Miss Peregrine's Home for Peculiar Children / Page 14

Page 14


“What the hell for?” he growled when I told him where I wanted to go. “Nothing over there but bogland and barmy weather.”

I explained about my grandfather and the children’s home. He frowned at me, then leaned over the counter to cast a doubtful glance at my shoes.

“I s’pose Dylan ain’t too busy to take you,” he said, pointing his cleaver at a kid about my age who was arranging fish in a freezer case, “but you’ll be wantin’ proper footwear. Wouldn’t do to let you go in them trainers—mud’ll suck ’em right off!”

“Really?” I said. “Are you sure?”

“Dylan! Fetch our man here a pair of Wellingtons!”

The kid groaned and made a big show of slowly closing the freezer case and cleaning his hands before slouching over to a wall of shelves packed with dry goods.

“Just so happens we’ve got some good sturdy boots on offer,” the fishmonger said. “Buy one get none free!” He burst out laughing and slammed his cleaver on a salmon, its head shooting across the blood-slicked counter to land perfectly in a little guillotine bucket.

I fished the emergency money Dad had given me from my pocket, figuring that a little extortion was a small price to pay to find the woman I’d crossed the Atlantic to meet.

I left the shop wearing a pair of rubber boots so large my sneakers fit inside and so heavy it was difficult to keep up with my begrudging guide.

“So, do you go to school on the island?” I asked Dylan, scurrying to catch up. I was genuinely curious—what was living here like for someone my age?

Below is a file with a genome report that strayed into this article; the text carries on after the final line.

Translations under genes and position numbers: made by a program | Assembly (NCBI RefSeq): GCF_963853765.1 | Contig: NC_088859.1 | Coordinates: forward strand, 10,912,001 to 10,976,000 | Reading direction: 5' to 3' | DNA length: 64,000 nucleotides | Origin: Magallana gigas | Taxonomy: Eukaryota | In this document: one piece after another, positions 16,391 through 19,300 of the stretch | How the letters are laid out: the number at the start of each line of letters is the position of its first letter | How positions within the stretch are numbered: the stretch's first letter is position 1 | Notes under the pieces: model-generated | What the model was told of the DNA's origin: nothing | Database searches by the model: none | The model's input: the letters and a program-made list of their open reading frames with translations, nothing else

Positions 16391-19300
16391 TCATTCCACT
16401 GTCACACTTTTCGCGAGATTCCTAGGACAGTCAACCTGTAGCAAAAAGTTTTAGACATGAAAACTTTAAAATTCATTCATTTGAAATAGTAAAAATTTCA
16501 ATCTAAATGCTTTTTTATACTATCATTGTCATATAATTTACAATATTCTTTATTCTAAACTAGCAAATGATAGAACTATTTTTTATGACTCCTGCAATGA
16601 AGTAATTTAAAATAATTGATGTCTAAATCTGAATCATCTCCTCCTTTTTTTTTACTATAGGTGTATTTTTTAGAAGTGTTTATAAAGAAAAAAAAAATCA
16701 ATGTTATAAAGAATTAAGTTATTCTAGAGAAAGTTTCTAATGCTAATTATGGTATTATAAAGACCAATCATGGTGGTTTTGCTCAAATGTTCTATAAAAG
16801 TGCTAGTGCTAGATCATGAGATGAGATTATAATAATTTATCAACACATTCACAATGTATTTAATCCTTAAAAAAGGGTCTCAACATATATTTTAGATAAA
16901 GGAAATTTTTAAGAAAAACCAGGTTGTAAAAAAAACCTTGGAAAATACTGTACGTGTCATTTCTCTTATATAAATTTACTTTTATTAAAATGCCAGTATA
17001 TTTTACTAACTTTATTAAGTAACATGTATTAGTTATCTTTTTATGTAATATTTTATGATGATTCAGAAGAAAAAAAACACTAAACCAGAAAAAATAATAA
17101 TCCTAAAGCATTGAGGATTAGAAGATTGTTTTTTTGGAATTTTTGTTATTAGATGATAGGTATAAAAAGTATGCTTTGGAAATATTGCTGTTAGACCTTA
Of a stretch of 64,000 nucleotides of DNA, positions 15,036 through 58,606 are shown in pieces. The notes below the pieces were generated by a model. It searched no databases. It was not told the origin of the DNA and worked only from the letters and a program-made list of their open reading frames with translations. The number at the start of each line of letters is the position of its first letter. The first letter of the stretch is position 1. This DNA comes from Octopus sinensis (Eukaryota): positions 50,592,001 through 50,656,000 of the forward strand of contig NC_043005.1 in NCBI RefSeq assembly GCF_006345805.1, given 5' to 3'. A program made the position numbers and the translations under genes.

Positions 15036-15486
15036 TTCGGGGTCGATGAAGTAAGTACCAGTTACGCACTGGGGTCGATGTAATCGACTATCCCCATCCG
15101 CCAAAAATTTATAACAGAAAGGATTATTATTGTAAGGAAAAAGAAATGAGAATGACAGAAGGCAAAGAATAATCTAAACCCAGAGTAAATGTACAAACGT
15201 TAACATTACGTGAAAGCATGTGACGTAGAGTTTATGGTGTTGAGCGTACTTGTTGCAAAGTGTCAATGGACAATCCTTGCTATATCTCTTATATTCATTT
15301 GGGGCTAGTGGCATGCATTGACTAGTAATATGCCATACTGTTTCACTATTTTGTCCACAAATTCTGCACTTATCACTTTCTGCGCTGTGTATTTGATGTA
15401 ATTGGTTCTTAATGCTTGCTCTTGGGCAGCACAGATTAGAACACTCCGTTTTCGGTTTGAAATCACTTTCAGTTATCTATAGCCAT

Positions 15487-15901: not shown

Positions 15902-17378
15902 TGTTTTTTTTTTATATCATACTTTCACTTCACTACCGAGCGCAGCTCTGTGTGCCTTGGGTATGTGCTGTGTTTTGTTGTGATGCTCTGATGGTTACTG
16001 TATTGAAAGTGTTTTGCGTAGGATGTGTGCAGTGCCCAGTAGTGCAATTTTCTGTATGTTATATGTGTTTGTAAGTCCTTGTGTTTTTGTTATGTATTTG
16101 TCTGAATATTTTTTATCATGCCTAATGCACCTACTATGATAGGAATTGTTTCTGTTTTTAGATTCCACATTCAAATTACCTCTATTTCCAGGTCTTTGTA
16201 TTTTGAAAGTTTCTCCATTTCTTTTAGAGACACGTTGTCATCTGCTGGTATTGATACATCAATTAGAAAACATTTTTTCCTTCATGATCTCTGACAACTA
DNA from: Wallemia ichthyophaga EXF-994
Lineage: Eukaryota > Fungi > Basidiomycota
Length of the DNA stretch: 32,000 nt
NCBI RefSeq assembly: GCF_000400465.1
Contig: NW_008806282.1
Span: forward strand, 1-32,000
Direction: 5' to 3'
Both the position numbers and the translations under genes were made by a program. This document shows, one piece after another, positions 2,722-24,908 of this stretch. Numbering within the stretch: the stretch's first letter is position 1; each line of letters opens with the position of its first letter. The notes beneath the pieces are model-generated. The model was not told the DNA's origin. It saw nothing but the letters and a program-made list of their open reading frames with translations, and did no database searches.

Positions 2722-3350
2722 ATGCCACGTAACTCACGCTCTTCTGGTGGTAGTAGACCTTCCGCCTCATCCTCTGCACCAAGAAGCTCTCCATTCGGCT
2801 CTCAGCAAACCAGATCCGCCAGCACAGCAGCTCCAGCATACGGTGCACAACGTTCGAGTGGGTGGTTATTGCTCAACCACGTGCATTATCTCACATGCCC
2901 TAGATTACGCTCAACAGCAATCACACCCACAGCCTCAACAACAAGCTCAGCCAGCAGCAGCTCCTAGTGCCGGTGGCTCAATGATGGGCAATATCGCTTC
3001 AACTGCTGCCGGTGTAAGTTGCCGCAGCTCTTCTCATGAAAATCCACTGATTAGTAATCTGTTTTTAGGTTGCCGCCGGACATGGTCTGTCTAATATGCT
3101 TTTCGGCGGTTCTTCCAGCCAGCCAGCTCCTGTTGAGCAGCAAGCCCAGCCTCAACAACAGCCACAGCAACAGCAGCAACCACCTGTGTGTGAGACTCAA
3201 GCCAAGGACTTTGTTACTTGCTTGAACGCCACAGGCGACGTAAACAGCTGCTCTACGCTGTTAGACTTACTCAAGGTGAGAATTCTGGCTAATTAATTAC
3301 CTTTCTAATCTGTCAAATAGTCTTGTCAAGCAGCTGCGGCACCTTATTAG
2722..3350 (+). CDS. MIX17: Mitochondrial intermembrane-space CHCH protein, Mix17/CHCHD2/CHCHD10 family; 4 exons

He muttered the name of a town on the mainland.

“What is that, an hour each way by ferry?”

“Yup.”

And that was it. He responded to further attempts at conversation with even fewer syllables—which is to say, none—so finally I just gave up and followed him. On the way out of town we ran into one of his friends, an older boy wearing a blinding yellow track suit and fake gold chains. He couldn’t have looked more out of place on Cairnholm if he’d been dressed like an astronaut. He gave Dylan a fist-bump and introduced himself as Worm.

“Worm?”

“It’s his stage name,” Dylan explained.

“We’re the sickest rapping duo in Wales,” Worm said. “I’m MC Worm, and this is the Sturgeon Surgeon, aka Emcee Dirty Dylan, aka Emcee Dirty Bizniss, Cairnholm’s number one beat-boxer. Wanna show this Yank how we do, Dirty D?”

Dylan looked annoyed. “Now?”

“Drop some next-level beats, son!”

Dylan rolled his eyes but did as he was asked. At first I thought he was choking on his tongue, except there was a rhythm to his sputtering coughs,—puhh, puh-CHAH, puh-puhhh, puh-CHAH—over which Worm began to rap.

“I likes to get wrecked up down at the Priest Hole / Your dad’s always there ’cause he’s on the dole / My rhymes is tight, yeah I make it look easy / Dylan’s beats are hot like chicken jalfrezi!”

Dylan stopped. “That don’t even make sense,” he said. “And it’s your dad who’s on the dole.”

“Oh shit, Dirty D let the beat drop!” Worm started beat-boxing while doing a passable robot, his sneakers twisting holes in the gravel. “Take the mic, D!”